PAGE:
how your divorce case was resolved
and you simply cannot live with the
results of your trial, or how that
result was memorialized in your final
divorce decree? You can appeal the
court's decision, as a matter of right,
but expect the process to be slow
When you file an
appeal you are claiming that the higher
appellate court should "reverse"
or overturn the lower (trial) court's
decision in your divorce case. The
law generally favors the finality
of judgments, therefore, relief from
a final judgement or decree of divorce
is usually NOT available absent exceptional
and compelling circumstances. Some
courts find that while they are without
legal authority to modify a final
decree, they can interpret a final
decree in a more fair way by modifying
terms of payment, or whatever equity
requires under the circumstances.
What to consider
before filing a divorce appeal:
Because issues are
more complicated and technical than
at the trial level, it is important
for you to consult a lawyer. You may
actually need a different lawyer for
your appeal. An appellate attorney
is an attorney who is familiar with
the appeals process. Be prepared to
pay for the new attorney to come up
to speed on your case because any
lawyer representing you at the appellate
level must know the intricacies of
your case and that means poring over
your "record below" and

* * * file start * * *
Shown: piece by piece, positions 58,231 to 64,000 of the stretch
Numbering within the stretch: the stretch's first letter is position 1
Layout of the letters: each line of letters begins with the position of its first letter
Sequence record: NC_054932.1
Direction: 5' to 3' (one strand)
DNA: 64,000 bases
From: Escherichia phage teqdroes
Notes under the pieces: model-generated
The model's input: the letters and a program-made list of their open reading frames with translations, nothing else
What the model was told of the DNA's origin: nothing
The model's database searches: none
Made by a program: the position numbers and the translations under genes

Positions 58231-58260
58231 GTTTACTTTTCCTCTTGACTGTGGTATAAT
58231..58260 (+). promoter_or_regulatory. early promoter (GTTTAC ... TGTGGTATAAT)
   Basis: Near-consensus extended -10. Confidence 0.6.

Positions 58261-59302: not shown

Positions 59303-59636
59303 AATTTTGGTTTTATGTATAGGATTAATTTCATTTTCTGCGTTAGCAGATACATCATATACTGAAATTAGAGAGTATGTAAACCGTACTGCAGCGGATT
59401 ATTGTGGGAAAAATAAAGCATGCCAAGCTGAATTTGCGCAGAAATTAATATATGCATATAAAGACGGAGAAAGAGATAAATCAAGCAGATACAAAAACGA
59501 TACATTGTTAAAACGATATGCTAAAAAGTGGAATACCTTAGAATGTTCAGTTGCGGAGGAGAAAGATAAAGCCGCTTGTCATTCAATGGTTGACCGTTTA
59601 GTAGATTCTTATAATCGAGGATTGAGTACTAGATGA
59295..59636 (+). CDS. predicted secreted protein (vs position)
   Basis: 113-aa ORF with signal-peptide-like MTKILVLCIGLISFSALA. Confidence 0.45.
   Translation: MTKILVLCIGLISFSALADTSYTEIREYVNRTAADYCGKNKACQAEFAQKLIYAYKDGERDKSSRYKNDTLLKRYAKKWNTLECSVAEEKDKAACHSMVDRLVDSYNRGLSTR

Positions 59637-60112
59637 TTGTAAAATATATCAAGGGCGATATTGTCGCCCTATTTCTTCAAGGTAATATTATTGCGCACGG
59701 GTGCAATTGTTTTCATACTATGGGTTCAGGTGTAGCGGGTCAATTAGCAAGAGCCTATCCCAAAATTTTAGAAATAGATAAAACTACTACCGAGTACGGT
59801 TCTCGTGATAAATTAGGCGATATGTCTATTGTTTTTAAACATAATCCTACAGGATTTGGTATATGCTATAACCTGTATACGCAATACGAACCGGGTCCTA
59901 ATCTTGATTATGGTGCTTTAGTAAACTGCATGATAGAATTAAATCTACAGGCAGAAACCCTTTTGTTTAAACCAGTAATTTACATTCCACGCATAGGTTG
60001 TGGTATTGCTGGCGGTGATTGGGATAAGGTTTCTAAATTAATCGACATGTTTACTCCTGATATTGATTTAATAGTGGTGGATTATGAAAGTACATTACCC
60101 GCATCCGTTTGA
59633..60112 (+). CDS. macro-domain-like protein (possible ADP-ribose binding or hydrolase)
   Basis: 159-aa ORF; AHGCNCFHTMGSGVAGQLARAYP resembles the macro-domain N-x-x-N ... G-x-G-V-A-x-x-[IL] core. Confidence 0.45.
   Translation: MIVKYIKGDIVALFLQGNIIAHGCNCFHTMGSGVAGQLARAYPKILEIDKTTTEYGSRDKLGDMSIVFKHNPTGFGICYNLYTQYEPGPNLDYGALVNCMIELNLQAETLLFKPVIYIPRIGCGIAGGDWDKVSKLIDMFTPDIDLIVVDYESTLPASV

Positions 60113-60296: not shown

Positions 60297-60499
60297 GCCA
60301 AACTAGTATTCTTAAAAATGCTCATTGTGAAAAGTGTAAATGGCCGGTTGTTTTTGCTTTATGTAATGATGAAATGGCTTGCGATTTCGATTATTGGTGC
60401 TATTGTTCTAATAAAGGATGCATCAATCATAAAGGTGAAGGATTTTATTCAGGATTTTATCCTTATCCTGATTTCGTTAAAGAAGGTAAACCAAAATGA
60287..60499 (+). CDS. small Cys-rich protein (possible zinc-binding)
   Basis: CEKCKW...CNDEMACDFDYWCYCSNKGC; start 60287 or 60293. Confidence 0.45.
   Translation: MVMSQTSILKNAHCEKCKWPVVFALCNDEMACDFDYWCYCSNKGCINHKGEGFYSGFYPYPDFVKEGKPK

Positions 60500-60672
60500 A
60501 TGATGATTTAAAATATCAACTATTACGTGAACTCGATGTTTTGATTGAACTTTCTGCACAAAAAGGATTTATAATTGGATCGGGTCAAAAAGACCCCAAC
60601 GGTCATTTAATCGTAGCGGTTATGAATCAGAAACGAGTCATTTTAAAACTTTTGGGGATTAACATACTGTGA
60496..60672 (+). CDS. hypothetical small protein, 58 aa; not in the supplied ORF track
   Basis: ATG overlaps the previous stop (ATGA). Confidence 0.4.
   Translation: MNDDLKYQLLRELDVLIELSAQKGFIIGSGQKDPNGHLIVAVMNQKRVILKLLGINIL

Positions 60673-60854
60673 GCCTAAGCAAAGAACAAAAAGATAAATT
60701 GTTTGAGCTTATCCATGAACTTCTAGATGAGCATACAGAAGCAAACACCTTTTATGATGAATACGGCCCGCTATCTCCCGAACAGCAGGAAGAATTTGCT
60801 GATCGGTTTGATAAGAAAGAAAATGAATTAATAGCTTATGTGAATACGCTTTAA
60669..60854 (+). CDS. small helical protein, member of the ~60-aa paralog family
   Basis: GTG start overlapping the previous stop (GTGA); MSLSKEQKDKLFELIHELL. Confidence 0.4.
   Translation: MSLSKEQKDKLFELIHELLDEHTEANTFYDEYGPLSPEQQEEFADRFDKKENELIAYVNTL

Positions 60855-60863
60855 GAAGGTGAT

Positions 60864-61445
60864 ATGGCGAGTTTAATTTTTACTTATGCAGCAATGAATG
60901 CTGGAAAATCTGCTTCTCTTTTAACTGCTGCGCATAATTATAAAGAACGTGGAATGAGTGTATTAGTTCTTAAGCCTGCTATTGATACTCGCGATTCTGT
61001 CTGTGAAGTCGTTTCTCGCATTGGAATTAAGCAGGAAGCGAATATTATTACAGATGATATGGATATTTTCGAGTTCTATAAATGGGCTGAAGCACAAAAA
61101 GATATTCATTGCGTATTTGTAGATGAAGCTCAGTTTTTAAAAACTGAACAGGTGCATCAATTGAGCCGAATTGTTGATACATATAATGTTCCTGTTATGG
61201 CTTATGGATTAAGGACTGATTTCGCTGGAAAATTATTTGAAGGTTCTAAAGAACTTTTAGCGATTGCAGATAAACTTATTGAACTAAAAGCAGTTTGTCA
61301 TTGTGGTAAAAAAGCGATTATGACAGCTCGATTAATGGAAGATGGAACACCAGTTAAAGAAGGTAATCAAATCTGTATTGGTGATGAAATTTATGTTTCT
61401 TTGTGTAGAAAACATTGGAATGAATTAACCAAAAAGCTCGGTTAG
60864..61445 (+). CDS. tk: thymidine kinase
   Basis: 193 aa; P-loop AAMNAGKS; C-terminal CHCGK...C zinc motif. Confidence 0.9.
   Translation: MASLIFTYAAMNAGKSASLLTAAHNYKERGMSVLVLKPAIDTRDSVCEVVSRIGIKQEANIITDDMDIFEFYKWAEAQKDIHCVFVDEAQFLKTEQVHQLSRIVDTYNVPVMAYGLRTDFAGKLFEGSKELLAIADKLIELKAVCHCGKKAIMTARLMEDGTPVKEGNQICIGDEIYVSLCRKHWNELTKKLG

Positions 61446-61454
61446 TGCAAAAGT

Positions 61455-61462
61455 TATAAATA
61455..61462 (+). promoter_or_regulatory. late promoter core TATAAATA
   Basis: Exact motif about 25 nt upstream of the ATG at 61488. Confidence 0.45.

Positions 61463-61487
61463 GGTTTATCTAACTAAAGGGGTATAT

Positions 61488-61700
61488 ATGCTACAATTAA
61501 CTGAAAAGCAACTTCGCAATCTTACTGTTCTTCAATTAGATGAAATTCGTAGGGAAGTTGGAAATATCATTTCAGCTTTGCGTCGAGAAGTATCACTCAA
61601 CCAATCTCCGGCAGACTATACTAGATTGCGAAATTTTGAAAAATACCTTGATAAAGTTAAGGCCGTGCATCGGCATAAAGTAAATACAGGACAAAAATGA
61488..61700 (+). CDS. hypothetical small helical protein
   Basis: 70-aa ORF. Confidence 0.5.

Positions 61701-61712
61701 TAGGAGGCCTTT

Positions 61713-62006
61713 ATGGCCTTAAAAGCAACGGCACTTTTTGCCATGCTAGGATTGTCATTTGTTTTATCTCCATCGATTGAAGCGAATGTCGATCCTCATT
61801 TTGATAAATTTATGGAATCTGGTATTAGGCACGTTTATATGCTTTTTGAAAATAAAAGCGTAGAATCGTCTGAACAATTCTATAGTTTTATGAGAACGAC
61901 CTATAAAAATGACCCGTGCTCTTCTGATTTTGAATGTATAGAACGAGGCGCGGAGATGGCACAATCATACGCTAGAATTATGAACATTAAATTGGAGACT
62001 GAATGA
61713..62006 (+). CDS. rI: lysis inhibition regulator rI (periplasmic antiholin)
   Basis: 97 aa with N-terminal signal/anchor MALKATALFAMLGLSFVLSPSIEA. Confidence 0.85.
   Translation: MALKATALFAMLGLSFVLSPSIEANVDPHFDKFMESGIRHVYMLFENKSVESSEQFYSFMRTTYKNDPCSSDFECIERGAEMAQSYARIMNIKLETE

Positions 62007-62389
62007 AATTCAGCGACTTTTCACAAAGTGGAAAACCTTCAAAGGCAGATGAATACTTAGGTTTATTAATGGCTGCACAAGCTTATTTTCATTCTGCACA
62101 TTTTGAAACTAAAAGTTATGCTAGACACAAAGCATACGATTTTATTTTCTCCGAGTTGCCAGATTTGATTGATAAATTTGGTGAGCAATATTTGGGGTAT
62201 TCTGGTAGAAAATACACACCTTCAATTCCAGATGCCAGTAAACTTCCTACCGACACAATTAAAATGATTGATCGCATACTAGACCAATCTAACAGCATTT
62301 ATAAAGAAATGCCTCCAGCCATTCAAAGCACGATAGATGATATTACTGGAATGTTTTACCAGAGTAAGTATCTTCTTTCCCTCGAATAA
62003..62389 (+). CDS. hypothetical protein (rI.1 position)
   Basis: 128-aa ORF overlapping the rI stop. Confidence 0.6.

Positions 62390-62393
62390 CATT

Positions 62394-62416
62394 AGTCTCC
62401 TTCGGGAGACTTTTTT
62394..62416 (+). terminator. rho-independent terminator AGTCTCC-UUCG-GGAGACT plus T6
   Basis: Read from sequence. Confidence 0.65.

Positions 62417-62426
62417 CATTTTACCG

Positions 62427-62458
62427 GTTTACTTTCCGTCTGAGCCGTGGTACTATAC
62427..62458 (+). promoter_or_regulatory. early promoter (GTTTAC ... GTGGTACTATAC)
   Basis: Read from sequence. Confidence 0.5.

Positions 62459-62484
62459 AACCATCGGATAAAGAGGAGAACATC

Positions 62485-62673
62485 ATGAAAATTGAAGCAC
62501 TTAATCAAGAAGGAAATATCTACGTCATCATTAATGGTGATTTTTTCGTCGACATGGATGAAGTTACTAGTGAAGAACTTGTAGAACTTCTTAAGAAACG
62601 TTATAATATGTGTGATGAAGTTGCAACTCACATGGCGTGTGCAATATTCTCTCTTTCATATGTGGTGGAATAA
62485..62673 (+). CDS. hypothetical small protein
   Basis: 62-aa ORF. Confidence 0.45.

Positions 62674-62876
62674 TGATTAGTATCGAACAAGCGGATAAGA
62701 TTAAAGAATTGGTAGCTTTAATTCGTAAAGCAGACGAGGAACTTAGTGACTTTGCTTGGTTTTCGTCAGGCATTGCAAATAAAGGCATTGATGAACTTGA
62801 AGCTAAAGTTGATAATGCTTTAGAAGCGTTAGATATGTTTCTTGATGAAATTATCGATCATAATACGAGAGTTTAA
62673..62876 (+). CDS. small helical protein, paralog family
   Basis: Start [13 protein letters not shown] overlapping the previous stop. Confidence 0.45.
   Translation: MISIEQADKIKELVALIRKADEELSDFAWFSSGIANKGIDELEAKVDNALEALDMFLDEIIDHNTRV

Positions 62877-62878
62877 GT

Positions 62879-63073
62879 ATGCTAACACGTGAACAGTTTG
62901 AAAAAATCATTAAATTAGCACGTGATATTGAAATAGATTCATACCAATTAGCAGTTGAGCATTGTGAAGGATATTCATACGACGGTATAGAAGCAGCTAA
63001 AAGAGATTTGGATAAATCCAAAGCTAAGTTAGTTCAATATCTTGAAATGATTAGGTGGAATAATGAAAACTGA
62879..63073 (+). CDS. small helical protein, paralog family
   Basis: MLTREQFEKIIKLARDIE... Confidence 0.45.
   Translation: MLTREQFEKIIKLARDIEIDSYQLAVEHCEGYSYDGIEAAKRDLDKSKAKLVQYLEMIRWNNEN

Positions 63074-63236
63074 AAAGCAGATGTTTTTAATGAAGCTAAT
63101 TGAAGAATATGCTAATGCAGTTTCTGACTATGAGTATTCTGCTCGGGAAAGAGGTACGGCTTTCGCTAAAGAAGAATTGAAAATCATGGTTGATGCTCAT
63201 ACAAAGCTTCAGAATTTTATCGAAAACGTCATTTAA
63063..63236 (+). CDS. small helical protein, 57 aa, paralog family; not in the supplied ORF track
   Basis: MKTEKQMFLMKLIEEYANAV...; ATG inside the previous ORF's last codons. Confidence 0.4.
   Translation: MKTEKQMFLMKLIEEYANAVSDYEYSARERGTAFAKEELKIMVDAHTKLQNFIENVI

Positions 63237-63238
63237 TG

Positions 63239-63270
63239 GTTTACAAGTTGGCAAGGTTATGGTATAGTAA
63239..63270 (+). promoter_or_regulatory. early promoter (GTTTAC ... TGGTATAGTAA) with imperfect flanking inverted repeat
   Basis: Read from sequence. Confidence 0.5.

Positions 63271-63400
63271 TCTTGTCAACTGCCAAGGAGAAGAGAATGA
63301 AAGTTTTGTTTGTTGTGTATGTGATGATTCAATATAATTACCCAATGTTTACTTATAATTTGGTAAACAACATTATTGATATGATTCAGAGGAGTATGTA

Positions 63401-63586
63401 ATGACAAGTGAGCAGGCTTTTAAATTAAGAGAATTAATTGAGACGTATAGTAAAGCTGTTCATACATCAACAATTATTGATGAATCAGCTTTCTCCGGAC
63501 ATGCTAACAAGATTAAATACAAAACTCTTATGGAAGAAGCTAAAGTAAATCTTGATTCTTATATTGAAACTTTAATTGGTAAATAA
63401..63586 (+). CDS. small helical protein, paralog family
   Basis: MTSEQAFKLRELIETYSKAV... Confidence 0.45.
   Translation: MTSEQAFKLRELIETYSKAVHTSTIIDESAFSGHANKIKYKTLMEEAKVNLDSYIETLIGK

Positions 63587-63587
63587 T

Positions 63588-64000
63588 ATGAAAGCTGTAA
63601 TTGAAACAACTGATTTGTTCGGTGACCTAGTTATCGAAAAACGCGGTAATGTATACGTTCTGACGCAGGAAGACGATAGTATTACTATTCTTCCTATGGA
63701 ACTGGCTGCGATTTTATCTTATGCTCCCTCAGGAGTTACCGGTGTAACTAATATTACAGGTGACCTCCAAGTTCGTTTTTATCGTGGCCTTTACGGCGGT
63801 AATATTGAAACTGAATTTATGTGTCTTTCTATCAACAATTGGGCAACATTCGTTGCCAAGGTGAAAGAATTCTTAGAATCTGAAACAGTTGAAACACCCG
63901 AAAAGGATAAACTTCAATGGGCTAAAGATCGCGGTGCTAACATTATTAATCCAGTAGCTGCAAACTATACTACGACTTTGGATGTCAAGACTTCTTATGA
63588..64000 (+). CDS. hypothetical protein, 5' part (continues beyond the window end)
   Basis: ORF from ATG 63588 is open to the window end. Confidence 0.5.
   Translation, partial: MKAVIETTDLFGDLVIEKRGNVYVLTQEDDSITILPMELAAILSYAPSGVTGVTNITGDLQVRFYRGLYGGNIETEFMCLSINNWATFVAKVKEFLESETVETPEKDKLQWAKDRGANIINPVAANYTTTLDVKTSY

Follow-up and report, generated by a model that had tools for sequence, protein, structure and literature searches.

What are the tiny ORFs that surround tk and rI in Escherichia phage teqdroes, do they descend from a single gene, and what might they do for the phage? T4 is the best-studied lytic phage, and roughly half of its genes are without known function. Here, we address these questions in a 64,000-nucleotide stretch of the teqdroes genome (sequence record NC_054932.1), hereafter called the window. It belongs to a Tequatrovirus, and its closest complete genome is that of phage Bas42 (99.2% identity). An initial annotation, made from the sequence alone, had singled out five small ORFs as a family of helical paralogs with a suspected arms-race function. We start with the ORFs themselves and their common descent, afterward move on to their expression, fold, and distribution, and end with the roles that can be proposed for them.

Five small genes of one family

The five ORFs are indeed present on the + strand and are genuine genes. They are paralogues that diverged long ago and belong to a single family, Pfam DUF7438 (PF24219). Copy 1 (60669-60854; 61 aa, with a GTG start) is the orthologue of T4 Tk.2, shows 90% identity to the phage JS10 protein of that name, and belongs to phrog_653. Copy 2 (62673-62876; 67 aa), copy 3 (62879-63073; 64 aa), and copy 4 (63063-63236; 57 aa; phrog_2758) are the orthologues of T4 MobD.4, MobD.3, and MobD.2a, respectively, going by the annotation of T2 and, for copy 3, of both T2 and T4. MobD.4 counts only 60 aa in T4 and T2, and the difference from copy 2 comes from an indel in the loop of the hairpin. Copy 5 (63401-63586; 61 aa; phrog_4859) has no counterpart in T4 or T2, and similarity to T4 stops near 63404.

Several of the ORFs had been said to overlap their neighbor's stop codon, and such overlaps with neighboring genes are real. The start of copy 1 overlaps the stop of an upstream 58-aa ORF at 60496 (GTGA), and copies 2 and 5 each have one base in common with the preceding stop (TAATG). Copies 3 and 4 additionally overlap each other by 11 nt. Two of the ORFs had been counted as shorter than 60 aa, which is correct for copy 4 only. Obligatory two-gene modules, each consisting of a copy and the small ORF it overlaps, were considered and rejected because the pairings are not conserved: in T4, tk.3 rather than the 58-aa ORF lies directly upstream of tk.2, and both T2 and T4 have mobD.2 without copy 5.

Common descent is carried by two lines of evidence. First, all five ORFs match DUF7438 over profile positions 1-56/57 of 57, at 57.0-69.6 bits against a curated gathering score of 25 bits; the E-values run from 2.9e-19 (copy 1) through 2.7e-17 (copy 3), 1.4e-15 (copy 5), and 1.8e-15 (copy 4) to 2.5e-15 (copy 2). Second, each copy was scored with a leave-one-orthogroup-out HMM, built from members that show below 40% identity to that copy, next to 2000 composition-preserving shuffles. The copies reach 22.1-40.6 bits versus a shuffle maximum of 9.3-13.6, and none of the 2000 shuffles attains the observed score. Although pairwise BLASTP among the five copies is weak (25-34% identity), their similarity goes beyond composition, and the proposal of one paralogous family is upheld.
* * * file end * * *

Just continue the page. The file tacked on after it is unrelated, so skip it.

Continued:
knowing it as well as you do.
The process might
last a year or two and sometimes even
longer. On top of paying your own
legal fees you may be required to
pay any fees and legal expenses of
your former spouse if the court thinks
your appeal was frivolous.
What you can appeal?
The common criteria,
or "grounds" in appealing
divorce decisions pertain to the division
of assets or the equitable distribution
of the marital property, are the following:
- The judge abused his/her discretion,
or made a ruling that was purely
erroneous as to a matter of law,
fact, or procedure.
- Most states require a showing
of fraud, misconduct or mistake
in the negotiation, or a showing
of fundamental inequity or unfairness
in an agreement/decree, before
a court can even consider setting
aside the final judgement of divorce.
When and how to file
Generally, you have
from 30 to 45 days, from the date
of the entry of the final divorce
decree or judgement to file a document
called a notice of appeal.
Although the specific
procedure varies from state to state,
the notice of appeal typically requires
- You must inform the trial court,
the adversary (your ex-spouse),
as well as the court reporter,
that an appeal will be filed.
- You will be required to describe
the issues you will appeal and
explain the reasons you believe
the trial court was wrong in deciding
the case the way it did.
- In many states, you will need
to request, and pay a fee for,
your trial transcripts (the verbatim
record of what transpired in the
trial court). This trial transcript
will accompany the notice of appeal.
Just as a complaint/petition for
divorce requires the payment of
a filing fee to the trial court
to obtain a docket number, so
too does the filing of an appeal.
Usually, the appellate legal briefs
will be due within a period of
time (35 to 45 days) after you
receive the trial transcripts
from the court reporter.
- Your appeal is comprised of
what is called a "record
below" which is: all stenographic
transcripts of the proceedings
in the lower court (the trial
court); all evidence admitted
in the case; all papers, pleadings
and documents filed in the lower
(trial) and appellate court in
reference to your divorce. This
appeal, typed by a paralegal or
attorney who you pay, must be
meticulously typed and organized,
complete with an appendix, numbered
pages, index, paginated and bound.
- You must also file these appellate